In December, Heinrich-Böll-Stiftung hosted a virtual briefing featuring researchers from Climate Change AI (CCAI). They talked about the role machine learning can play in facilitating climate change mitigation and adaptation strategies, AI applications that increase emissions, and energy use in AI itself.
On the topic of facilitating climate change mitigation and adaptation strategies, a number of examples were given where AI could help. These include: gathering information, forecasting, improving operational efficiencies, predictive maintenance, accelerating scientific experimentation, and approximating time-intensive simulations.
The researchers then talked about AI applications that increase emissions. There are two aspects to this. Firstly, the use of AI in applications that directly increase emissions, such as use in the oil, gas and mining industries. Secondly, AI applications with uncertain impact. For example, AI is a key component in creating new technologies, like autonomous vehicles. In technologies such as these there is no clear understanding of whether their implementation would have a positive or negative effect on the climate.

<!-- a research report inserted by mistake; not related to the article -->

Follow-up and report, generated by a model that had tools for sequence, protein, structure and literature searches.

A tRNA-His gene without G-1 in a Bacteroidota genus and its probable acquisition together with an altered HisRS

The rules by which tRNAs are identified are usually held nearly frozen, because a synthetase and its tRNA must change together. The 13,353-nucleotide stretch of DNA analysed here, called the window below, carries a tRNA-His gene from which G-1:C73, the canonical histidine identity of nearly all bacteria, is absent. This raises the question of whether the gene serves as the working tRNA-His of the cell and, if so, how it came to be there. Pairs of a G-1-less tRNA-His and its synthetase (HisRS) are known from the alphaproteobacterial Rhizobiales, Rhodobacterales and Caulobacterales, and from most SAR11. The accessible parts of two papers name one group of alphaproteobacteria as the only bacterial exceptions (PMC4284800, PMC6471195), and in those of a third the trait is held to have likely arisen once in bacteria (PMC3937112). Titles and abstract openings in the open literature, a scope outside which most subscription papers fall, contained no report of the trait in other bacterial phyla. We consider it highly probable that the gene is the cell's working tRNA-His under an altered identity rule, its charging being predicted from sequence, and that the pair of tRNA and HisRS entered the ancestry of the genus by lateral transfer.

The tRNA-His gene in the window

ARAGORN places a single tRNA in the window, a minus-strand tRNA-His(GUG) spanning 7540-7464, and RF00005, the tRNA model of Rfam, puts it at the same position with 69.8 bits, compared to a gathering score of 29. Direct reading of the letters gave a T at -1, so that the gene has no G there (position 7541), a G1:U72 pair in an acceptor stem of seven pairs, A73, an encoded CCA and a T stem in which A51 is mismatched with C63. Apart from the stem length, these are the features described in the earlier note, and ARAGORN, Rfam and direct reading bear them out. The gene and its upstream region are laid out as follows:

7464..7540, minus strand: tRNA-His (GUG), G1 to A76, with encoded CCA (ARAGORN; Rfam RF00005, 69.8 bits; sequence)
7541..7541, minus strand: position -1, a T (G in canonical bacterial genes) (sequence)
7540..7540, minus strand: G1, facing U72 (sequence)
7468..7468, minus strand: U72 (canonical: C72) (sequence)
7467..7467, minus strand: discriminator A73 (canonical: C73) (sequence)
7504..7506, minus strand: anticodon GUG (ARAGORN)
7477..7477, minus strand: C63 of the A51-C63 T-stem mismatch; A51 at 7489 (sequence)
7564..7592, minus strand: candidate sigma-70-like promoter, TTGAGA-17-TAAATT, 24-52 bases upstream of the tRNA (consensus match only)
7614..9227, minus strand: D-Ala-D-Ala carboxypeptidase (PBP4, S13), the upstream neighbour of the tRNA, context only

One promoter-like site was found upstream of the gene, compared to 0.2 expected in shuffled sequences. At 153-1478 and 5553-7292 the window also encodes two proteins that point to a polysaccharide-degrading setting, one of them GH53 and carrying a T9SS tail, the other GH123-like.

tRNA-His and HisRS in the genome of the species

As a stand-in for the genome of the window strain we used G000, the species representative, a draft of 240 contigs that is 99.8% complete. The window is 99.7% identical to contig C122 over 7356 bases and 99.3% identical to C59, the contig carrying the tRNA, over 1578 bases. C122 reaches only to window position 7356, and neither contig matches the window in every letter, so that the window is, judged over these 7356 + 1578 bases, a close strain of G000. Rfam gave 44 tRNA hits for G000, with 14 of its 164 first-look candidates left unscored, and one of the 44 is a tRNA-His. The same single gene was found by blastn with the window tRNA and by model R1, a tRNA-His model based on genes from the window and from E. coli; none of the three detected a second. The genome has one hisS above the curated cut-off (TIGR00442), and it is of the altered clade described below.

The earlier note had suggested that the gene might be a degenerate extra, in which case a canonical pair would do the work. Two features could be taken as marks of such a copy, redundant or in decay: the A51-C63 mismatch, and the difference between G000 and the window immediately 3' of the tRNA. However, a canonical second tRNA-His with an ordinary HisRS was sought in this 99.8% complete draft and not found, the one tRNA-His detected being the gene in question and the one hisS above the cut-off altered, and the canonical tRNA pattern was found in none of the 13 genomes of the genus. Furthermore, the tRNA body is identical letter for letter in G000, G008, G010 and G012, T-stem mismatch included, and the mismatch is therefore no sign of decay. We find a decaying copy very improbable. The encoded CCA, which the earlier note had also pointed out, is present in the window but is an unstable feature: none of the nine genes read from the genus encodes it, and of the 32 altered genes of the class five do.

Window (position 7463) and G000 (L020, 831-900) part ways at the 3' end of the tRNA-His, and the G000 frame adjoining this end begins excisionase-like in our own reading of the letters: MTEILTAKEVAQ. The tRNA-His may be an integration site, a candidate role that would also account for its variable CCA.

The team discussed the energy consumption of AI systems. They touched on the need to understand the power consumption for applications during both the training and usage phases.
Finally, we heard about the role of policy implementation with regards to aligning the use of AI with climate change strategies.
You can watch the briefing in full here:
Taking part in the session were:
CCAI is a group of volunteers from academia and industry who believe that tackling climate change requires concerted societal action, in which machine learning can play an impactful role.
Read the paper Artificial Intelligence and Climate Change: Opportunities, considerations, and policy levers to align AI with climate change goals by Lynn H. Kaack, Priya Donti, Emma Strubell and David Rolnick.